• Mamdouh G Salameh on July 03 2018 said:
    Whilst it is ok for analysts and authors of essays on oil and energy for oilprice.com to make reasonable assumptions, it is a totally different matter when they start treating these assumptions as facts without corroborative evidence.

    By asking Saudi Arabia to raise its oil production by 2 million barrels a day (mbd) ,President Trump shows he is either not au fait with the machinations of the global oil market or is ill-advised by his advisers. Either way, he could be excused.

    And while Saudi Arabia doesn’t normally refuse any requests from the United States, the assumption that it can raise its oil production by 1 mbd let alone 2 mbd is a myth. Saudi claim that it can produce at least 12.5 mbd if needed doesn’t stand scrutiny. Saudi Arabia’s oil production peaked at 9.64 mbd in 2005 and has been in decline since. Saudi production never exceeded 10.4 mbd before with almost one million barrels of which came not from actual production but from stored crude oil on tankers and on land. Saudi Arabia is only able to raise its oil production by 400,000 b/d being the amount it cut under the OPEC/non-OPEC production agreement. And even this will come from stored oil and not from actual production. One then reaches the logical conclusion that if Saudi Arabia doesn’t have the capacity to produce 12.5 mbd under any circumstances and, then its claim that it has a spare production capacity of 2 mbd is highly questionable.

    The second faulty assumption is that US sanctions against Iran will cost the country 1 mbd of its oil exports. This is another myth. By asking OPEC and Saudi Arabia to lift their production to offset a possible fallout in Iranian oil exports, President Trump is merely engaging in a psychological warfare aimed at promoting the impression that US sanctions against Iran will lead to a decline of Iran’s oil exports by 1 mbd.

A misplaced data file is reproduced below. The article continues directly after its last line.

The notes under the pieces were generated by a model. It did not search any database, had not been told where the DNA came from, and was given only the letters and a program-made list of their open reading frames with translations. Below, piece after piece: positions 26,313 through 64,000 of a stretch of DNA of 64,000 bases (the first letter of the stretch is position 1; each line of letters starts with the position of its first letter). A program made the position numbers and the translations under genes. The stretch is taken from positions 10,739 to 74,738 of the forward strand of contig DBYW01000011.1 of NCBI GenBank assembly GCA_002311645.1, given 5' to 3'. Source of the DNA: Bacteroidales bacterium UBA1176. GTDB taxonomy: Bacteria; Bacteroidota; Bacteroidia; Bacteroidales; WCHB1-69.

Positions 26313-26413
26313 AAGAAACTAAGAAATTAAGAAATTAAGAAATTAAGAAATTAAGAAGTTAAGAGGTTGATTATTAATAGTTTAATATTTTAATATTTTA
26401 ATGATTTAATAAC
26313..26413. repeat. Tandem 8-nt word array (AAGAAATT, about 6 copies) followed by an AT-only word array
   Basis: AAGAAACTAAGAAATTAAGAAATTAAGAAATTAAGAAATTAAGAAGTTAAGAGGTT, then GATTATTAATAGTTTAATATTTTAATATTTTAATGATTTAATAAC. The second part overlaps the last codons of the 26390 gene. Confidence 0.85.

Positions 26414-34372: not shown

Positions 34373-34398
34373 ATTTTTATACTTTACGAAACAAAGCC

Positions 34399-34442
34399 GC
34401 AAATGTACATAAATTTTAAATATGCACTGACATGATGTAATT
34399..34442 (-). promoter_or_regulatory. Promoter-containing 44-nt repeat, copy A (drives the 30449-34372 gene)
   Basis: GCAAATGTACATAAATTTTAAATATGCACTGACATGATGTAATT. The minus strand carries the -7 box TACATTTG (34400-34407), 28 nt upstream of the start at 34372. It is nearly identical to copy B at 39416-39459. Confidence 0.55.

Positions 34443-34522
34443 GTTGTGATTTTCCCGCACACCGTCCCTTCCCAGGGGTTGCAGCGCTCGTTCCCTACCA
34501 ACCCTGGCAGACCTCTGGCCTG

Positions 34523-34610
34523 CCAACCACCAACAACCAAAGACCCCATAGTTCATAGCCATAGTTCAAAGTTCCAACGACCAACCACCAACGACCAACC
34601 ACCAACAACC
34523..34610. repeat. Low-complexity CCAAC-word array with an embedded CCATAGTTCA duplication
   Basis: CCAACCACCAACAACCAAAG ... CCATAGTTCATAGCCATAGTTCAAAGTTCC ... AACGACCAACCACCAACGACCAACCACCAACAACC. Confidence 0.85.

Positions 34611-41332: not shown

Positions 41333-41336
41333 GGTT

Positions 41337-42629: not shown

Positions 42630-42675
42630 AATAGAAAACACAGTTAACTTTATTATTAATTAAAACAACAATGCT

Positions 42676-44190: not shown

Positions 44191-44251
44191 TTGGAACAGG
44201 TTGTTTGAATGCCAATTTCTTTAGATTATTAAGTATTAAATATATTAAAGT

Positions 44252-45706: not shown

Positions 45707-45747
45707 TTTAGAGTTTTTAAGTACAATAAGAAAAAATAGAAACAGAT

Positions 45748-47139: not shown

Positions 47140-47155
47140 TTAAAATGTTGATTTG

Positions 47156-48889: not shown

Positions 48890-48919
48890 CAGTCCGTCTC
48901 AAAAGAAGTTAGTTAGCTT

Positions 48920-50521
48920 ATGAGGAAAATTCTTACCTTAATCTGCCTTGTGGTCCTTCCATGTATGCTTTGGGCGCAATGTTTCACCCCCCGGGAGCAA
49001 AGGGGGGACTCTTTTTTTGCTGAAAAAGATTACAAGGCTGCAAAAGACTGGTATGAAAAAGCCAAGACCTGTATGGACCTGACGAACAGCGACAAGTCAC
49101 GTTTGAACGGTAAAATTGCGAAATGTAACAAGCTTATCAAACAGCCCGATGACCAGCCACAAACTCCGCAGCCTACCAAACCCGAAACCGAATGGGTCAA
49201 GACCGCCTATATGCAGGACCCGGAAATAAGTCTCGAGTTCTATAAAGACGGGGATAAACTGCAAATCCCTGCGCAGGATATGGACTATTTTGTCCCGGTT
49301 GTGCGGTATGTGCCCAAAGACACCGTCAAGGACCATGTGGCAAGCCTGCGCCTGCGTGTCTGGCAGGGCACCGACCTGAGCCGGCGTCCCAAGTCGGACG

And contrary to assumptions by the Bank of America and many analysts, Iran will not lose a single barrel from its oil exports as a result of the sanctions. Iran’s trump card is the petro-yuan which has virtually nullified the effectiveness of US sanctions. Major customers like the European Union (EU), China, India, Turkey, Russia and Japan are still committed to continue importing Iranian crude.

    By lifting its oil production in response to President Trump’s request, Saudi Arabia will be working against its own interests’ and those of the OPEC members who all need an oil price far higher than $80 a barrel to balance their budgets.

    OPEC’s promise of restoring 1 mbd to the market will in effect translate into less than 600,000 barrels a day (b/d).